Last month I went to the METC conference in St. Louis with a team from my school. In a couple of weeks I will give a brief presentation to faculty about some neat things I learned at the conference. I thought it would be a nice opportunity to tell you about five of the quick, easy-to-implement tech tools I’ll be presenting.
Website (free) and App ($1.99)
This is a customizable background noise creator. The website claims that it improves focus and boosts productivity. On the home screen of the desktop site you can choose from three categories; random, productivity and relax. There are sounds like rainstorms, fires, soft chatter, animal sounds and more. This site is free and easy to use. The Noisli app costs $1.99, but gives you neat options for creating your own combos and setting timers. For a fun laugh, you can check out Annoisli. This offers anti-productive sounds like people chewing, snorting and babies crying.
Classhook is a way to search for and incorporate T.V. and movie clips that go along with your instructional themes. You can filter by subject, grade, clip length and more. You can filter to ensure the clip doesn’t contain profanity. This is a very cool, quick and free way to help spice up your lessons and make them more engaging. You can use them to build schema, introduce a concept, or to generate critical thinking about certain topics.
Google Arts and Culture
Website (free) and App (free)
This website and app (which both have the same functionality from what I can tell) allow you to virtually explore various buildings and museums around the world. Search for a city, museum, or any other place relevant to what you are exploring (think: the city a famous author was born in, an ancient artifact like the Colosseum, a museum you won’t be able to physically visit). You will be directed to a page of resources that include images, articles and virtual tours of these places. Just look for the icon of a person in the bottom corner of an image. This indicates that you can virtually explore it.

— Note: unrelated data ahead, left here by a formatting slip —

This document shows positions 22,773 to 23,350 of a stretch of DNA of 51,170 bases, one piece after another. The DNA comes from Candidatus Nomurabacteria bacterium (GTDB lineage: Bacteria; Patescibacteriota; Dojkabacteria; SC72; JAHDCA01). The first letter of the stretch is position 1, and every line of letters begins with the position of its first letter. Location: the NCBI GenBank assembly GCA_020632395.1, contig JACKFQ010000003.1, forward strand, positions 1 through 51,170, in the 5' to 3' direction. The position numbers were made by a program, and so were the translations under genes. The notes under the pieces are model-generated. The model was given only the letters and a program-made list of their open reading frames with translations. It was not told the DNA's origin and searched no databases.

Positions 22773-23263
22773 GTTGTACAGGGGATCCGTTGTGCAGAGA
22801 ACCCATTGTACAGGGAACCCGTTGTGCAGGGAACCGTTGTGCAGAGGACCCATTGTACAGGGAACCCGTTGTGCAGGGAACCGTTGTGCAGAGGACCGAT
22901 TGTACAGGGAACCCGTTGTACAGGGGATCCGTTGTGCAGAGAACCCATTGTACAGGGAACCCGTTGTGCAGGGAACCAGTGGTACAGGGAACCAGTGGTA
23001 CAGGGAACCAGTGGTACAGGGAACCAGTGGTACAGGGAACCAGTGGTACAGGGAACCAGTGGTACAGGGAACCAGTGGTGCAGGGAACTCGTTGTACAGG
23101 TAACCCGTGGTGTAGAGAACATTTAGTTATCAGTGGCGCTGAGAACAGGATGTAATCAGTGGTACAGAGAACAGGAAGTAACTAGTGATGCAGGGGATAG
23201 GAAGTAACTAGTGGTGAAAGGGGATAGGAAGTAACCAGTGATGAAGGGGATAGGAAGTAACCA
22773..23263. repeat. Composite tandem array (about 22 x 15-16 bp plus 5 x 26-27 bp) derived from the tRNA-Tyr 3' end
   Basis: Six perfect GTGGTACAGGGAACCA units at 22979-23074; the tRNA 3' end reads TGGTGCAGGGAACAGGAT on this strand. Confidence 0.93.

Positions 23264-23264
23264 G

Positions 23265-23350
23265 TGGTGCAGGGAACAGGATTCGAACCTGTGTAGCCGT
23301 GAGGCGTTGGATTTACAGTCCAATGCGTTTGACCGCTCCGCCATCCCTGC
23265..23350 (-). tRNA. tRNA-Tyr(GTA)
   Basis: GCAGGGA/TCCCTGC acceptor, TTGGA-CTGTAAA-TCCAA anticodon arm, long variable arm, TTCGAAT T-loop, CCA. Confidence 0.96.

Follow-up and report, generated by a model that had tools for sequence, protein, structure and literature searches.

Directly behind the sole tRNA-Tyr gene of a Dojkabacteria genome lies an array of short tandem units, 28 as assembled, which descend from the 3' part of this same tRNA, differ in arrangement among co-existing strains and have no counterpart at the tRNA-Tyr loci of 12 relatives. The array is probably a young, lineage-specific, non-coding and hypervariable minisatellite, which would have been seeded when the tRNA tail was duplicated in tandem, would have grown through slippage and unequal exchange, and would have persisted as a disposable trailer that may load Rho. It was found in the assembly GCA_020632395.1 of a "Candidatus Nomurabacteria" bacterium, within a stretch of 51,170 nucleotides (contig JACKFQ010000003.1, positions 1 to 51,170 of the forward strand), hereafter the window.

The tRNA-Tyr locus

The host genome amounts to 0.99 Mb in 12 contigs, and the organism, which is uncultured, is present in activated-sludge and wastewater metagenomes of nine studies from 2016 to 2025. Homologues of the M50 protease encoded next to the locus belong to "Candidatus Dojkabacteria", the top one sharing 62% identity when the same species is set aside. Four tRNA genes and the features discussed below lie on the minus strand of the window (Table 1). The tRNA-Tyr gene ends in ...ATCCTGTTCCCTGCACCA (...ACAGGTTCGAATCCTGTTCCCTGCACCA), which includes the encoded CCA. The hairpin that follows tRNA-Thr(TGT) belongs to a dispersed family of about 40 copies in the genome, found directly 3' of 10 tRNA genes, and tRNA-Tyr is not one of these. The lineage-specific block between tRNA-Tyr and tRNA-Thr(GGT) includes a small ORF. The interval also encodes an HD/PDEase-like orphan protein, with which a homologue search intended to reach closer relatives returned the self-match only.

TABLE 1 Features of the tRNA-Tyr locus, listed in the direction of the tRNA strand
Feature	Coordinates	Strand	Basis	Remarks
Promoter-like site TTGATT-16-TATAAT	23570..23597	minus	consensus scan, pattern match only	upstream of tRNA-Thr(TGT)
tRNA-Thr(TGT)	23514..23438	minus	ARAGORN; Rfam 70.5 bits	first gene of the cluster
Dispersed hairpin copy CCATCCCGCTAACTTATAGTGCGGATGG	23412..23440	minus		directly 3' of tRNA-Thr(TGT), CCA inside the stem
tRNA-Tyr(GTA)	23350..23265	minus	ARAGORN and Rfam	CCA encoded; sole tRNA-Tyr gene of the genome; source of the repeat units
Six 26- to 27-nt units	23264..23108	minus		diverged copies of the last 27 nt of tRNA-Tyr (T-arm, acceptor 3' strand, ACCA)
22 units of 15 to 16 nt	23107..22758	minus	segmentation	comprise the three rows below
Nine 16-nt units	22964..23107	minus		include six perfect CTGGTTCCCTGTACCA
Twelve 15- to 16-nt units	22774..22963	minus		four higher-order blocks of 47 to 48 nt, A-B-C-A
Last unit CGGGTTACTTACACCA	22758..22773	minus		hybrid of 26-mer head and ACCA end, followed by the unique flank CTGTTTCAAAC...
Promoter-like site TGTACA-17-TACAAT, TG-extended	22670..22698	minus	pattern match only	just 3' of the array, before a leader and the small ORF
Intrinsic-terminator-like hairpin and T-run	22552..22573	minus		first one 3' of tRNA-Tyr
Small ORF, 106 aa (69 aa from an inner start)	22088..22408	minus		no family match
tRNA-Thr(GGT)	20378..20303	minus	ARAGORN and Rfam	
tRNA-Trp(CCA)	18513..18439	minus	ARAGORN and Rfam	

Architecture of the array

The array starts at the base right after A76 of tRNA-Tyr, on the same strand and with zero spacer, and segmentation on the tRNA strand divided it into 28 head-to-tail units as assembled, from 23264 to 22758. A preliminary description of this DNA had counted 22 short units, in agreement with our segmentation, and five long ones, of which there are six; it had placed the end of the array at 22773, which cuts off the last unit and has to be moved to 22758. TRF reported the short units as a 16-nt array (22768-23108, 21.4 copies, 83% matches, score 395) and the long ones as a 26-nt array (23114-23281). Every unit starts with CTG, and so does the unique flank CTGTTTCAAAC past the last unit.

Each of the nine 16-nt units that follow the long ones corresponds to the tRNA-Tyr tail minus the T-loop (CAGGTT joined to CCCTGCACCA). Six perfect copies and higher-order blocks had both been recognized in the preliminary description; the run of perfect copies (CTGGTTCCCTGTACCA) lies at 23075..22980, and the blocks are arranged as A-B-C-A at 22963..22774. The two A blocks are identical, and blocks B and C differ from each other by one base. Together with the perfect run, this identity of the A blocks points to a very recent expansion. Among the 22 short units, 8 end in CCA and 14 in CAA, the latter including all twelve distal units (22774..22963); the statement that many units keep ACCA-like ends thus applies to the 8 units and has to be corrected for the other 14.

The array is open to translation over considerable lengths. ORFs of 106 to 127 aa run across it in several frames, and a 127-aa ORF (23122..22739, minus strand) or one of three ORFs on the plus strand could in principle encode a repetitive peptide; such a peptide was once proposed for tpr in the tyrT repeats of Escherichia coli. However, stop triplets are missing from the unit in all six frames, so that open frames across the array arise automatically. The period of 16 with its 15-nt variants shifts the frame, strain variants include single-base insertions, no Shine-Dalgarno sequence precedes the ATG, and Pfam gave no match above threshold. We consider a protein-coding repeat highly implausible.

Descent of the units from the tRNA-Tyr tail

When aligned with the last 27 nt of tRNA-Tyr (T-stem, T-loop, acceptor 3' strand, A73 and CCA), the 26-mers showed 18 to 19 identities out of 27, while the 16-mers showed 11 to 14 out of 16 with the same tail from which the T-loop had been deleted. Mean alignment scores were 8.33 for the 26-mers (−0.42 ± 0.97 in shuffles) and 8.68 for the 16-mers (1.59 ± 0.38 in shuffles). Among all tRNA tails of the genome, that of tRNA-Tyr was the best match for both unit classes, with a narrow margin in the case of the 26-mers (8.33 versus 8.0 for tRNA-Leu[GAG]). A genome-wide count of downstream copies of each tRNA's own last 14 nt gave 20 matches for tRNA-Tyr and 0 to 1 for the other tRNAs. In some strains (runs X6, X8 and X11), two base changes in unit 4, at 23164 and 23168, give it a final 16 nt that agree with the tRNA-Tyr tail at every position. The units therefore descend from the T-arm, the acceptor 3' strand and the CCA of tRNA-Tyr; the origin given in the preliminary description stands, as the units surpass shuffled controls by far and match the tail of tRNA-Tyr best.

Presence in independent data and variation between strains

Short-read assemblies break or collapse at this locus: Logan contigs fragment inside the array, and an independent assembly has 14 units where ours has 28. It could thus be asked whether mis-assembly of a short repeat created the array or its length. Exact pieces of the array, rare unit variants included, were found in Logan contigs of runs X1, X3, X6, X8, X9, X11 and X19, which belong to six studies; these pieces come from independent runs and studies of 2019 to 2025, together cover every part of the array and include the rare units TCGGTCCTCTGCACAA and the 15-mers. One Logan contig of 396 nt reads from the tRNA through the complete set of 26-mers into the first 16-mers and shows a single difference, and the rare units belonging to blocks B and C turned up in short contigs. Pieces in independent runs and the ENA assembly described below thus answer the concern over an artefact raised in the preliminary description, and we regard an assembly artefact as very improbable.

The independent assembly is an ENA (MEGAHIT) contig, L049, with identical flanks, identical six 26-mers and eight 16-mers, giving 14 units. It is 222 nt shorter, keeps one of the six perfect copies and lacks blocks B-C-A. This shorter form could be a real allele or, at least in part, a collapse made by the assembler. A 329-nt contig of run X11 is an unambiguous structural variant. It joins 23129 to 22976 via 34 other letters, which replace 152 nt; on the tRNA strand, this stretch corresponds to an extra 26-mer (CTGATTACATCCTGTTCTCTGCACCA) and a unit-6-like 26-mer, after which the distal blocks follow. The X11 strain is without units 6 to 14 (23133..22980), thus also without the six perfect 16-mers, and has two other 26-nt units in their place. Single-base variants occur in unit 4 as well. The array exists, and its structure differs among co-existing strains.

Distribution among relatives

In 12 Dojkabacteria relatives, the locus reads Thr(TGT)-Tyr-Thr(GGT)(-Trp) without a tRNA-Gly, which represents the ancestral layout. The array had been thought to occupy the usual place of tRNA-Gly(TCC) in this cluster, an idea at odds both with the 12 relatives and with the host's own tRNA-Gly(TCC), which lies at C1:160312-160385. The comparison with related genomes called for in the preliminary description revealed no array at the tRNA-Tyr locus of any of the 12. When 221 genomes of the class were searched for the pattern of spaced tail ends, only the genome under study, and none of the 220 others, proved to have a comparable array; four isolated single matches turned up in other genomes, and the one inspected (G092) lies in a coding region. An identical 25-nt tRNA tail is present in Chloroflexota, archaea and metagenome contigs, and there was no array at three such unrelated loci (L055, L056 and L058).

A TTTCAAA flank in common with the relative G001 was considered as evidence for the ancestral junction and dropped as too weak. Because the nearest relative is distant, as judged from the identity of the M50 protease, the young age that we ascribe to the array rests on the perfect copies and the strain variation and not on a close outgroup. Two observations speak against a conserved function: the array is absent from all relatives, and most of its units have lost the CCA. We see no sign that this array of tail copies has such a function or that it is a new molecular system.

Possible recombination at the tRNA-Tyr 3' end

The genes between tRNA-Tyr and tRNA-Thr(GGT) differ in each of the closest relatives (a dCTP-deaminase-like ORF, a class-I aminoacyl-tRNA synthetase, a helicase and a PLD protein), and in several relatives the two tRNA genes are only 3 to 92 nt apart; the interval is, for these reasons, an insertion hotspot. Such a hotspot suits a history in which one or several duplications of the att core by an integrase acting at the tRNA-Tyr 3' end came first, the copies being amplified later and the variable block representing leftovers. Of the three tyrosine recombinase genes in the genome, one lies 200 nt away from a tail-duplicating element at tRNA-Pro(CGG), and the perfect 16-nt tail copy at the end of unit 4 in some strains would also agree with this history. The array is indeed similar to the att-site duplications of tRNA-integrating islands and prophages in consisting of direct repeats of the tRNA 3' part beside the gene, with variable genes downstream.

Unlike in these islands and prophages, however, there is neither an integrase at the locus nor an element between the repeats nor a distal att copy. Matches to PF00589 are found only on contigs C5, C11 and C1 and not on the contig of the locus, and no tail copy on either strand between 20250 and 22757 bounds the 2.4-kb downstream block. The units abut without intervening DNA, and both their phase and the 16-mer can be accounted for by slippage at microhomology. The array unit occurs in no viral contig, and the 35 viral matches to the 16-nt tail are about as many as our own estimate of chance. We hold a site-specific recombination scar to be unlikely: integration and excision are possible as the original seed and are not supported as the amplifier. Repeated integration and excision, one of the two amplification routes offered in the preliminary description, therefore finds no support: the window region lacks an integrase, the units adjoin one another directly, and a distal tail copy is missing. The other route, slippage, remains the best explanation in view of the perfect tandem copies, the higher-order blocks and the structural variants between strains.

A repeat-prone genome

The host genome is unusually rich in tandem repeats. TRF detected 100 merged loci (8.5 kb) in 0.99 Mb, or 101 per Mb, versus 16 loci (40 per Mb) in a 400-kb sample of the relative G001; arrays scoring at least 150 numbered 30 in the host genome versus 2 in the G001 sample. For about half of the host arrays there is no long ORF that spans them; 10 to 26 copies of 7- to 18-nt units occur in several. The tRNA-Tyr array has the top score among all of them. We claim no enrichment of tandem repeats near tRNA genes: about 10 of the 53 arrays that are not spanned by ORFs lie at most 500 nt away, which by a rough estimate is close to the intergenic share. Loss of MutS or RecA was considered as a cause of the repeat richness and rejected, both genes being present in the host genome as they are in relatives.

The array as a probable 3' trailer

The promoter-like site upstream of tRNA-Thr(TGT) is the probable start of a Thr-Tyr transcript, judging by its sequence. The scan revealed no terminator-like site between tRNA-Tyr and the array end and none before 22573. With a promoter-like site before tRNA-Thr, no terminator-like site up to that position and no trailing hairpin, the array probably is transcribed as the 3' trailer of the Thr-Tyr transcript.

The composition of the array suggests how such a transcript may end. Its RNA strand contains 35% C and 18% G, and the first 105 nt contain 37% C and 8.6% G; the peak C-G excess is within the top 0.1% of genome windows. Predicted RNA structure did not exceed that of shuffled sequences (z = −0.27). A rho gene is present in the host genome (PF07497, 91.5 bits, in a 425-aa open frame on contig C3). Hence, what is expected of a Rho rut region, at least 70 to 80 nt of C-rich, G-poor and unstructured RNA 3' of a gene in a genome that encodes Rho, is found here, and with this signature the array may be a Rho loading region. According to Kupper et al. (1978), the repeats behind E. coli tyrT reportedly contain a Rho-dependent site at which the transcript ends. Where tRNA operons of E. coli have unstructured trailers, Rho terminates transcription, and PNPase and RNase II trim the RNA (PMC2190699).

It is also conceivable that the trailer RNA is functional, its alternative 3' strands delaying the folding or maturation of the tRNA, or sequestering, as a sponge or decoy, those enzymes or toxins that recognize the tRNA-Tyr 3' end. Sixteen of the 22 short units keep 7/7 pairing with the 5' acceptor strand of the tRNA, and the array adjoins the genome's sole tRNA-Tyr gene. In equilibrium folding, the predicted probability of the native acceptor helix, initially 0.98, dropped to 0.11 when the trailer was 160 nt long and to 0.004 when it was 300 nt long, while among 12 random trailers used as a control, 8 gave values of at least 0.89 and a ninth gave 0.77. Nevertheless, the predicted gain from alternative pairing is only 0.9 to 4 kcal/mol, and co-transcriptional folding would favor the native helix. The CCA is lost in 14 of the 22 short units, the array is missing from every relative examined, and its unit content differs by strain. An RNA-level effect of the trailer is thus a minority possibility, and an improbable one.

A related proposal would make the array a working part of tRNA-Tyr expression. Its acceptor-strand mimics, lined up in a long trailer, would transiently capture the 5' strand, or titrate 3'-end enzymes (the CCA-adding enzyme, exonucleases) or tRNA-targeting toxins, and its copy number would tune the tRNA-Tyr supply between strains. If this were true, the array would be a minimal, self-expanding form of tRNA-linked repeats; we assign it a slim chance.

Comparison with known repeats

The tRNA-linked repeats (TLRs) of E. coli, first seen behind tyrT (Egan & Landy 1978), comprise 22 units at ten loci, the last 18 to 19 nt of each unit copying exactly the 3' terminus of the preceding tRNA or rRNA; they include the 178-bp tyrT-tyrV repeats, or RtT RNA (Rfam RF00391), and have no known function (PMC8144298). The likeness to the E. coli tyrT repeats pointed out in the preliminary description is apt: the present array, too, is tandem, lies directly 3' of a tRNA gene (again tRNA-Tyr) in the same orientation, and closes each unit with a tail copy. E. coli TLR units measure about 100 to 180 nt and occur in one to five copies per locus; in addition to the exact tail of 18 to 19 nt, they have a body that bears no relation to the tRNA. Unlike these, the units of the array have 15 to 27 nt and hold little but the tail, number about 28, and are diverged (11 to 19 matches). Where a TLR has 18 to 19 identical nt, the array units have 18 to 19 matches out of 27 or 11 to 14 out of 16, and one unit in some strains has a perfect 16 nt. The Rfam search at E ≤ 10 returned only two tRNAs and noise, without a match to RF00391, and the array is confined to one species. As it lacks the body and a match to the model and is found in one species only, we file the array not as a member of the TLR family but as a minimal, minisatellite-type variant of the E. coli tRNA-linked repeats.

My Simple Show
Website (free for basic access, pay for more features)
Have you seen THESE whiteboard-style explainer videos floating around social media for various causes and products? Well, here’s the tool to help you create your own. This is a fun tool where teachers and students can create explainer videos that look like image on a whiteboard. You can use their templates to type a script for historical events, biological processes, literature summaries and interpretations, mathematical summaries, biographies and more. Once you’ve typed your script, the program will pick out key words from and auto-populate images from their stock to put into your presentation. If you don’t like the images it populates, you can pull your own images in.
The free version defaults you to “Paul” narrating your video, but a paid upgrade gives you more voice options (and even the option to record your own voice narrating). The paid version has quite a few more features (including the ability to download your final video, rather than having to log in to watch it).
Website (free for teachers, but $99 per year if you want the ability to collaborate with others)
This is a lesson planning site. It was built to make it easy to plan with Common Core. Even though our school is not tied to Common Core standards, the capabilities of this program are incredible. You can customize your lesson templates, add links, PDFs and more to each lesson. You can input entire units, and – best of all – you can copy one years’ lessons to the next year with a few clicks. If you are going to start using Common Curriculum, I personally feel it would be easiest to implement if you start at the beginning of a school year. I’m taking the rest of this year to further explore its capabilities so that I’m ready to roll it out completely next year.